VHS spirit haunts Los Angeles: An interview with ‘Gemini’ director Aaron Katz

Gemini
Neon/Courtesy

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Against a backdrop of paparazzi camera flashes and towering palm trees, a rising starlet (Zoë Kravitz) and her personal assistant (Lola Kirke) meander through the Los Angeles nightlife, attempting to go unseen.

Every attempt at escape is obstructed by the shadow of her fame: a threatening phone call from an aggressive director, a dickish screenwriter who won’t take no for an answer and an unpleasantly protracted interaction with a stalker. The two want nothing but to be alone together, but their reputations haunt them no matter what pocket of the city they wander to.

It’s a setup that continues the eternal affair between filmmakers and their medium’s hometown, pulling at the usual threads of celebrity and vice. But with “Gemini,” writer-director Aaron Katz attempts to both indulge and investigate those historicized depictions of Los Angeles. Katz spoke on the well-trodden aesthetics of the city. “It’s something we were conscious of and we just wanted to do it our way,” Katz said in an interview with The Daily Californian.

“(That) boiled down to going to places, looking around and feeling inspired by what we saw and not worrying too much about how it’s written into the script or the impressions we might have from other movies and just looking at the specific place we were,” he said.

Grounding a mystery in a distinct sense of place isn’t new for Katz. From the damp streets of Portland in his festival break-out “Cold Weather” to the grand mountain vistas of Iceland in “Land Ho!,” none of his films are shy about putting the narrative on hold to soak in the particular atmosphere and patiently observe local ways of living.

That effort to be attuned to the look and culture of a community comes from a personal place for Katz. “All my films … have been set in places where I’ve lived or was living at the time,” he began. “I just think where you are informs so much about the experiences that you have and I love watching films with those strong sense of place.”

Though “Gemini” exchanges his usual routine rhythms for the chic, glossy rabbit hole of celebrity culture, he continues to pay careful attention to the manner in which a particular environment informs both his characters’ behaviors and a film’s overall mood.

Unlike most mysteries, “Gemini” spends plenty of time caught up in the interim of commuting from one place to another. Isolated from the rest of the world, subdued heart-to-hearts and reflective pauses emerge, quietly threading an emotional throughline to be tried by the obstructive noir narrative.  

 

 

Gemini

Neon/Courtesy

“I like, just as an audience member, feeling out a relationship and kind of seeing the behavior and learning little things. … It’s just a great way to engage an audience,” Katz stated before chortling, “In fact, sometimes when I watch the movie I wish I had spelled it out even less clearly.”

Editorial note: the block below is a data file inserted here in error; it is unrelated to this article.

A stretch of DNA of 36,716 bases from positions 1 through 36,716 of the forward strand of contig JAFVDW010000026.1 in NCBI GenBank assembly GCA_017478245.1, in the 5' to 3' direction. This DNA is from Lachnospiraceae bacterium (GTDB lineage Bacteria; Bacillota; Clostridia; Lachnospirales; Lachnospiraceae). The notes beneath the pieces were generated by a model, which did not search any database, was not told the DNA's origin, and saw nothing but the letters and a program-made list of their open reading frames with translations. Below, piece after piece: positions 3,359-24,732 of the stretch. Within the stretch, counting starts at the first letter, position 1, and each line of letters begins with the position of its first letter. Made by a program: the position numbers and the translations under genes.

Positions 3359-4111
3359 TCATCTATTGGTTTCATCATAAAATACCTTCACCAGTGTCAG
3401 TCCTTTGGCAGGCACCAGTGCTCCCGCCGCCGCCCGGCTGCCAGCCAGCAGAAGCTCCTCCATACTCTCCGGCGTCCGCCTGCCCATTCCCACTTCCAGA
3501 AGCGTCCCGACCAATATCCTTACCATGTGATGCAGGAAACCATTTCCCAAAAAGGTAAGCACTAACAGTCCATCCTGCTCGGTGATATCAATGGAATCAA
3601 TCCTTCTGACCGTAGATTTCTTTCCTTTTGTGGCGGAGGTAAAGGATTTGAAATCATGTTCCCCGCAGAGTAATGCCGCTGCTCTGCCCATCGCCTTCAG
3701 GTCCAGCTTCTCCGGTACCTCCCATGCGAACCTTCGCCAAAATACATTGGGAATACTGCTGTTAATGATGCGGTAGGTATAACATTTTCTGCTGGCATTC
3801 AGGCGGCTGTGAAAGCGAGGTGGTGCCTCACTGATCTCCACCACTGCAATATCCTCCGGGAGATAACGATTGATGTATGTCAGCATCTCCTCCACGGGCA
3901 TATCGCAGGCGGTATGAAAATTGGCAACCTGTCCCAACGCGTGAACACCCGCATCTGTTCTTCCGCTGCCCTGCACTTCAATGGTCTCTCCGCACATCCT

The overpowering aura of the city is able to ripple through its inhabitants’ interactions because of its vibrant rendering. The film’s ghostly vision of Los Angeles is brought to life through neon haze, deadened sunlight and a crucial, dreamy score concocted by Katz’s frequent collaborator Keegan DeWitt. Katz expressed his belief in the necessity of music in pitching the tone of a film, especially with regards to mysteries and thrillers.

According to him, the score of “Gemini” is of two sensibilities — “one of which is the tradition of ‘80s and ‘90s thrillers, but another of which is the relationship between these two characters.” He continued, saying that he “wanted the score to feel nostalgic and appropriative of the sort of VHS era of films, but also contemporary and something these characters would want to listen to.”

This marked the third or fourth time Katz had evoked his own film viewing during the interview. From citing the influence of Joe Eszterhas’ provocatively pulpy screenplays to projecting the ‘40s thriller “Behind Green Lights” in the background of a scene, the director wasn’t dishonest about how much “Gemini” owes to the wit and wonders of older, gimcrack crime pieces.

Katz’s sentimentality for unfortunately outdated modes of filmmaking reached total fruition when he slipped into gushing over the merits of the extinct VHS format. “For some films from the ‘80s and ‘90s, (VHS is) the best home format because it has life to it and vibrancy,” he said. “You feel the sort of subtle roll of imperfect registration as opposed to just the rock-solid look of DVD and especially with streaming platforms.”

Though “Gemini” utilizes decidedly contemporary situations, such as Instagram culture and high-speed motorbikes, its romanticization of older forms of noir hangs over every moment. Simultaneously sleek and hazy, the film’s distinct look is as based in Los Angeles’ fashionable glamour as it is in the city’s timeless pollution and inconveniences. Its most appropriate viewing experience would be off a magnetized tape rented on a whim from a Blockbuster down the street.

In that way, “Gemini” is a distinctly modern film in its desire to transcend its time and place. Katz maintains a resilience in facing the swiftly mutating media landscape, one that increasingly prioritizes convenience over tangibility. “We’re on this road until…” Katz trailed off, distraught. “I don’t know, whatever. I’m going to keep going to my local video store until I can’t anymore.”

“Gemini” is currently playing at AMC Metreon 16.

Jackson Kim Murphy covers film. Contact him at [email protected].